Step 5: Control System

·
Block Diagram

Regarding the block diagram, this project was originally conceptualized as a float switch controlled ball valve actuator used to drain and let fill a slowly filling reservoir similar to many projects in my lab. The Arduino receives input signals from three float switches, assesses their combination, determines the required state of the valve, and rotates the servo and displays the valve state on the LCD display. The whole control circuit is powered by an external 6.0VDC NiMH battery.

· Wiring

Please review the Fritzing diagram and the photos of the wiring. To summarize the wiring, a 6.0VDC NiMH Battery (represented by the AA battery in the diagram,) powers the Arduino, servo and LCD display via one of the power rails on the bread board. The Arduino Vin and ground pins are wired to the power and ground rails respectively (mixing these up will destroy the Arduino). The Arduino is also wired to: 3 float switches (represented by the tilt switches in the diagram) at digital (input) pins 2, 3 and 4; the signal wire of the servo at PWM pin 9; and to the SDA and SCL pins of the LCD display from its one SDA and SCL pins.

I drilled eight small holes in the lid of my enclosure and hot glued some female-female jumper there in so that the user can change out float switches without disassembling anything. I had solder some male jumper tips to my float switches to make plugging and unplugging them into the box a snap. In this iteration, I wanted to keep the battery external for recharging and safety purposes. It is simply held with Velcro to one of the brackets. It powers the system similar to the float switches, by plugging into and external jumper glued into the enclosure lid.

· Code

To summarize the Arduino code, it consists of a main script and calls only three simple functions. The main script: imports libraries wire.h, LiquidCrystal_I2C.h, and servo.h, and instantiates their objects; defines pins 2, 3 and 4 as digital input pins that sense the state of the float switches; defines Pin 9 as a PWM output pin used by the servo object; defines variables to hold the states of the float switches, servo object min. and max PWM frequencies (0 and 1023) to correspond to the open and closed positions, a mapping variable which should serve as the only variable you need to change in order to get the right degree of turn for your servo, and some character strings for the LCD to display; initiates the main loop which calls on the three functions levelSense, servoPosition and displayThis and then delays for 100ms. levelSense just attributes the state of the float switches by digital read to their respective integer variables. servoPosition analog writes the mapped “open” frequency with the servo object to pin 9 when all three float switches are lifted and sets the LCD char variable to a string “OPEN”. When the float switches are all dropped, Pin 9 analog writes the mapped “closed” frequency to the servo and the LCD display variable is changed to “CLOSED.” If the middle pin (3) is ever out of sync with the high (4) and low (2) pins the valve will be “closed” and the LCD variable is changed to “Error.” Finally, diplayThis is a two line function that that uses the LCD display object to display the current char variable on the bottom row of the LCD display.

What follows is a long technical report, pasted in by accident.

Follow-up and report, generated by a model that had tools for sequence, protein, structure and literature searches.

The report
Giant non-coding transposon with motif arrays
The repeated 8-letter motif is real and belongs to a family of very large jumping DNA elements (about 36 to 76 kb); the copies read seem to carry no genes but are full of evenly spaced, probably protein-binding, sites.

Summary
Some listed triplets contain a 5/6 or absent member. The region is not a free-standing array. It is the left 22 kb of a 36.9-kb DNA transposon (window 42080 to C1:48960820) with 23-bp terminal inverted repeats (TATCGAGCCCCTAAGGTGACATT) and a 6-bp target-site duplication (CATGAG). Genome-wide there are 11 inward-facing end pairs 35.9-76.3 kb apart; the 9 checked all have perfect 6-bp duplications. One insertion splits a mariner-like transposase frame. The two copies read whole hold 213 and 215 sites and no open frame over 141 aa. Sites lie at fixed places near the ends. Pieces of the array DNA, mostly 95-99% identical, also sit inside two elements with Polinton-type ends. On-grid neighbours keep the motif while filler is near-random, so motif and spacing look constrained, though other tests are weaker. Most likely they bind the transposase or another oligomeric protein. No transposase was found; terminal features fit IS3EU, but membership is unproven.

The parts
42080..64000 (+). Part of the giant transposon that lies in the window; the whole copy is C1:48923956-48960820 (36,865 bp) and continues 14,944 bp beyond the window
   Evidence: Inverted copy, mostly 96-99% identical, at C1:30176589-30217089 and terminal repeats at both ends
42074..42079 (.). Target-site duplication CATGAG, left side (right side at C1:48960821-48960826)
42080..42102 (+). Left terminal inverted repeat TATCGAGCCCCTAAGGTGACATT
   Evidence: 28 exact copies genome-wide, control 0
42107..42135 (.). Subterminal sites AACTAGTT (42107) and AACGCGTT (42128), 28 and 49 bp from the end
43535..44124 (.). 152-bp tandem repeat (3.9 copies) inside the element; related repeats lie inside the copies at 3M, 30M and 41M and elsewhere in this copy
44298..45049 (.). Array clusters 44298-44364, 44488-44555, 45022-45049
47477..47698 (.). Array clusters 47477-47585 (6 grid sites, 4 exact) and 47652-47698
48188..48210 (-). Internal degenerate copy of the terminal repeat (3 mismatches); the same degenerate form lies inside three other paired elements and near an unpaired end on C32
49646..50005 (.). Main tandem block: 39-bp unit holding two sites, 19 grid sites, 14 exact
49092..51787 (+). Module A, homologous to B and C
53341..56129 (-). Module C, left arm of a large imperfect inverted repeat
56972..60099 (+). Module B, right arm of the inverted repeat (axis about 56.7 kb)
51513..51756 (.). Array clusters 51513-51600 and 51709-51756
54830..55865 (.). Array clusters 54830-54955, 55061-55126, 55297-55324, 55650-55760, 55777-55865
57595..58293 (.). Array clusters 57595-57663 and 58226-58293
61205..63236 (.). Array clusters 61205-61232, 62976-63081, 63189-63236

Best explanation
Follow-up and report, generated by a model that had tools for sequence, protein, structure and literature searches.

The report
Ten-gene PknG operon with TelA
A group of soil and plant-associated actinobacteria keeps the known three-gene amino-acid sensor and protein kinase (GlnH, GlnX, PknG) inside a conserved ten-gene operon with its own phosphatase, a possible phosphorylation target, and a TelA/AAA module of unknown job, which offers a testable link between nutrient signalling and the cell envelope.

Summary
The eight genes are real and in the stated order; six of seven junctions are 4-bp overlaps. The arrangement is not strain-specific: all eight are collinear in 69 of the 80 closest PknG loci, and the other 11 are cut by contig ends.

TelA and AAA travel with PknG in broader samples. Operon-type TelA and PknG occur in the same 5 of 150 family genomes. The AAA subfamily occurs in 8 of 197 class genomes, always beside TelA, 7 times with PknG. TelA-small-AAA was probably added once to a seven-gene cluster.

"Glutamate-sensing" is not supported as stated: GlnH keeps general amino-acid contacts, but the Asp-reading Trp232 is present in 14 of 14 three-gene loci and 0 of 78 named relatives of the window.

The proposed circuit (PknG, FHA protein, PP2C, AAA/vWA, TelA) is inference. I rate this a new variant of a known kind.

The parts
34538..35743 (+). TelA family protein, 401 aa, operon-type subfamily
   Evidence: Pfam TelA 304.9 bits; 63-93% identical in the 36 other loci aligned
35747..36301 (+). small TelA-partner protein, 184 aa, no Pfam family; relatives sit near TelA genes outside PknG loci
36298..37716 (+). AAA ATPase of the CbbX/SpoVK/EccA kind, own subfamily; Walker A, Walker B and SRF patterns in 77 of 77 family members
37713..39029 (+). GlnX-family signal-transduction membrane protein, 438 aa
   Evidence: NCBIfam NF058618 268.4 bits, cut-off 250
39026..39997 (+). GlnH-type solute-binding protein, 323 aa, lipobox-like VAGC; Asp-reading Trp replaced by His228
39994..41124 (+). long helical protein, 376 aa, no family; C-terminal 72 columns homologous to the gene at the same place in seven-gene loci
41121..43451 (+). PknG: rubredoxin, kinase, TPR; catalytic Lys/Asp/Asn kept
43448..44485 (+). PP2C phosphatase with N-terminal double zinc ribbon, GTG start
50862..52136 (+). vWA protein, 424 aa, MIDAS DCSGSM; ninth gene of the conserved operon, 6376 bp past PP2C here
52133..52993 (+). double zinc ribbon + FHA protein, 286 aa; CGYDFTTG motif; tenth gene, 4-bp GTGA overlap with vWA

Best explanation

Step 6: Assemble

Sorry I didn't take any pictures of the Assembly other than the wiring above. It's pretty obvious but here's a checklist just in case.

Assembly Steps.

1. Assembly is easy, but sometimes a third or fourth hand really helps. You got this.

2. Compile parts.

3. Slide the servo in the mount and snap the mount in the box. Mind the wire.

4. Get the GoBetween assembly bolted to the servo double-arm with the 2 2” 8-32 bolt and but sets.

5. Hot glue eight female ends to the inside of your lid as the terminals for you level sensors and you battery leads. Don’t touch or move anything until the glue hardens (10 mins)

6. Bolt the LCD display onto the lid with the ½” 8-32 nut and bolt sets. And add some female-female jumpers to the LCD control chip’s pins.

7. Place the Arduino and the small bread board into the open half of the box and wire it according to the fritzing diagram remembering to take care regarding those wire going through the lid.

8. Fasten down the lid. Connect the float switches. Connect the power leads (DON’T GET IT BACKWARD) and test the servo rotation and the LCD display.

9. Apply to an actual working ball valve. Have your assistant hold the actuator in place with the GoBetween slipped over the flange of a downward facing Hayward ½” PVC ball valve. From either side of the actuator, in a horizontal fashion, slip each half of the bracket pair over bottom and top of the box until the bracket clips onto the pipe. Secure with two small nuts and bolts at the top and bottom holes.

10. Repeat step 9 with a second set of brackets such that a bracket pair nearly abuts the GoBetween and the other pair is near the far edge of the actuator. Uses the 4 ½” 3/8” dia fully threaded Hex bolts and plenty of nuts and washers to hold the two pairs of brackets firmly at the correct offset from each other. Replace the shorter bolts at the top and bottom with longer ones that also pass through other parts.

Step 7: Install, Experiment Improve

Experiment and help me improve on this design. Thank you.